800 million new consumers … rethinking strategies and brands to engage the female, older and Chinese consumer

June 13, 2017

A seismic change is happening in consumer demand as global population surges to 7.4 billion by 2021. This will include 800 million new consumers, with newly disposable income, and even bigger dreams and aspirations. Most of them in India and China. At the same time, demographics will have a profound effect with Over 60s growing from 900m today, to 2 billion within 4 years. And then add attitudinal changes, millennials who are driven by fairness and collectivism, women liberated to assert their own influence and power, and social strivers everywhere in search of the new symbols of progress and achievement.

I see this every time I travel. Sitting in Frankfurt airport the other day, I was surrounded by youthful Chinese travellers who spoke perfect English and wore and carried every designer brand imaginable. Leading a workshop for a luxury hotel chain in the Maldives recently, we realised that the future consumer was more likely to come from the East not the West ,with very different needs and wants from a vacation. Working for a car brand, we realised that more consumers were female than male, but most of the images and aspects of advertising and sales, were still far more masculine than feminine.

This doesn’t just mean obvious changes, it means thinking in new ways, exploring new opportunities, and making smarter choices. Add technology to the fray, and the choices become even more significant. By 2020 there will be 6.1bn smartphones on the planet, not just requiring a mobile-centric approach to communication, but meaning that people will expect fast and personal engagement, anywhere and anytime. Forget the old idea of one-size fits all brochures, or websites. This is a very different world, a very different market for every kind of business.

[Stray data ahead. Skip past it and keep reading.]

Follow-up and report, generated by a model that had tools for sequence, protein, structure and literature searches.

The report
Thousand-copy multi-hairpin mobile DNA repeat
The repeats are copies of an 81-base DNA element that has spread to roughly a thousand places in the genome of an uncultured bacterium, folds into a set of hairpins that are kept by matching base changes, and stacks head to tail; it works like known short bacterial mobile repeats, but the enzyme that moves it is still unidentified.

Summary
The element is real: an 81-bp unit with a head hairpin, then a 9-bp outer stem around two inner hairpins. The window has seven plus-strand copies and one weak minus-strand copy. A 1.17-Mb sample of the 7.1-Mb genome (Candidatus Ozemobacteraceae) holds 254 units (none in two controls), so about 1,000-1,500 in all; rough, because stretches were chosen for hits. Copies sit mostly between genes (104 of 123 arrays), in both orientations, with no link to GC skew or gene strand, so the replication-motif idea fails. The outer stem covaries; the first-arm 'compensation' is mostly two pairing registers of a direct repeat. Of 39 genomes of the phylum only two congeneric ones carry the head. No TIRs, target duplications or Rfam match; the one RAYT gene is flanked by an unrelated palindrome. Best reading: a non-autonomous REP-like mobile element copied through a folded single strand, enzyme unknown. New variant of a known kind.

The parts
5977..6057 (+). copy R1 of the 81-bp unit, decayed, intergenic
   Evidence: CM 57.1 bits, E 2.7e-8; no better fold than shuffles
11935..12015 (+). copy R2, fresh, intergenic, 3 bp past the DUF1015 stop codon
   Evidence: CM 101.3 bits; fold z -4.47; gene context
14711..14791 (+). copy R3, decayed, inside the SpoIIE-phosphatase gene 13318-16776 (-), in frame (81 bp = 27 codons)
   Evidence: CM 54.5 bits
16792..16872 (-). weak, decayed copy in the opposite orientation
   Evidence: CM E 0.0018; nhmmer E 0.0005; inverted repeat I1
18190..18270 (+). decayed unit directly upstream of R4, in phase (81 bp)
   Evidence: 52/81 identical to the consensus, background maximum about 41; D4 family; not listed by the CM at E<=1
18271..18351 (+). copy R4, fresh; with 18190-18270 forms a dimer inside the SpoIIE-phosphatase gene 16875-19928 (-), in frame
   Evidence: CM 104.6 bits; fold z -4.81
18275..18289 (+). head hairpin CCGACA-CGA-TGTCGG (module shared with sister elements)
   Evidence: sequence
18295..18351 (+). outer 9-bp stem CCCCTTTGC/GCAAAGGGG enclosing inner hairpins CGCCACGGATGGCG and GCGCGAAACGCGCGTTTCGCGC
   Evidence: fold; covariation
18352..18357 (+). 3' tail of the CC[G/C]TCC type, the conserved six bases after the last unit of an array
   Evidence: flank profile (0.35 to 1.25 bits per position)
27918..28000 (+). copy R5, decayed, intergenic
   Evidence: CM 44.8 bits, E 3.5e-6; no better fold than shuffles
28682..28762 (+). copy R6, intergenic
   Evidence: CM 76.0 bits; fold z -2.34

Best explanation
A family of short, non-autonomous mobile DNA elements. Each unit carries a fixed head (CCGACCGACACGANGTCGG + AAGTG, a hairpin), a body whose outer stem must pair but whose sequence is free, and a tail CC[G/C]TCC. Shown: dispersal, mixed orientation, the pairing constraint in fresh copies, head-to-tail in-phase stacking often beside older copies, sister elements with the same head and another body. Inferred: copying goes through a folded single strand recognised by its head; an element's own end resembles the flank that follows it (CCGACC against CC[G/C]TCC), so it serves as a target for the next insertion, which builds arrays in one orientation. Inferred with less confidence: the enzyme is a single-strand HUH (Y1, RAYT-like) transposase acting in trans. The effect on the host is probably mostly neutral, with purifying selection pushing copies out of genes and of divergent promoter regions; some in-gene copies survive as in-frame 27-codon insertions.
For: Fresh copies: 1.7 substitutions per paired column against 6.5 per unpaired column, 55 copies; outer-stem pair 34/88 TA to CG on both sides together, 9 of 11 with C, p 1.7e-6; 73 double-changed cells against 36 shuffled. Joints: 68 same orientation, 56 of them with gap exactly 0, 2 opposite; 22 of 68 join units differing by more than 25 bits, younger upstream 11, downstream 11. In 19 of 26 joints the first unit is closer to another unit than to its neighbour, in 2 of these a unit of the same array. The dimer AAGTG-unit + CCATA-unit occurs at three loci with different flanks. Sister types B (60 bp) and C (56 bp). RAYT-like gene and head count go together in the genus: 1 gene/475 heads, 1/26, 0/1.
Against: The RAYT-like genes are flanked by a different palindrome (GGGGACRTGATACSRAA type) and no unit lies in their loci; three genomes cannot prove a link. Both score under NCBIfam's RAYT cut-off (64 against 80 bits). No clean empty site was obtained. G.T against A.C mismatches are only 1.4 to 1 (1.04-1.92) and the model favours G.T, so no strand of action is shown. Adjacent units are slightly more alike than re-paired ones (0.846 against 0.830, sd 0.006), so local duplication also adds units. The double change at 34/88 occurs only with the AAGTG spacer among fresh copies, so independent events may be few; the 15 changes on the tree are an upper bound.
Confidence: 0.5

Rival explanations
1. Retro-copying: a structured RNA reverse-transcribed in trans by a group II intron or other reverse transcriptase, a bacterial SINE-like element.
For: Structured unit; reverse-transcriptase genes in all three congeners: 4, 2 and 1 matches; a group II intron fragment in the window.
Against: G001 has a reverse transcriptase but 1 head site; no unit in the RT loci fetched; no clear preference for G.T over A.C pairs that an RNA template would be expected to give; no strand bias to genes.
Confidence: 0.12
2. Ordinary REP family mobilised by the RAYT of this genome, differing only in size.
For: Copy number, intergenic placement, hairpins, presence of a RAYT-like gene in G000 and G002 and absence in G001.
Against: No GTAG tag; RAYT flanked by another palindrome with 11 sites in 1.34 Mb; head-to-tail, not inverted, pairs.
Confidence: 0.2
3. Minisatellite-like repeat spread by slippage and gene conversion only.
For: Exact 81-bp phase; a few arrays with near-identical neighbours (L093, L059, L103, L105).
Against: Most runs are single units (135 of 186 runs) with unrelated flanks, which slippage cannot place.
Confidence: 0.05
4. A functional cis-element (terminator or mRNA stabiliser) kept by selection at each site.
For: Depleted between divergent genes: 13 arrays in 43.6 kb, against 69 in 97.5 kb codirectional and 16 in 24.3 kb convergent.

HSBC has just launched a new global report The Future of Consumer Demand:

Global consumption and consumerism is changing, driven by a rapid increase in the number of people who can afford to choose what they buy and how they buy it. Understanding these changes, and recognising what will in uence consumers in the future, will become increasingly important for businesses.

The report explores three macro trends contributing to signifcant changes in consumption behaviours around the world and international trade.

  • Growing consumer class …  the number of people considered ‘consumers’ will exceed 90% of the global population by 2020 as the numbers of those living on subsistence incomes declines. Once a consumer’s basic needs are met, they can think about purchasing a wider range of goods and services.
  • Technology and power of data … advances in digital technology, increasing smartphone ownership and growth in the number of Internet users have revolutionised the way people access, choose and pay for goods and services. People now have greater choice, and greater access to information, so they can be more discerning. Data is supporting greater levels of business insight into their needs, preferences and loyalties.
  • Transparency of business … with greater choice and access to information, the digital revolution is also allowing consumers to make choices based on their personal values and to use social media to put business ethics in the spotlight. Trust is also essential to the growing sharing economy – where people choose to exchange goods or pay for temporary access rather than owning something permanently.

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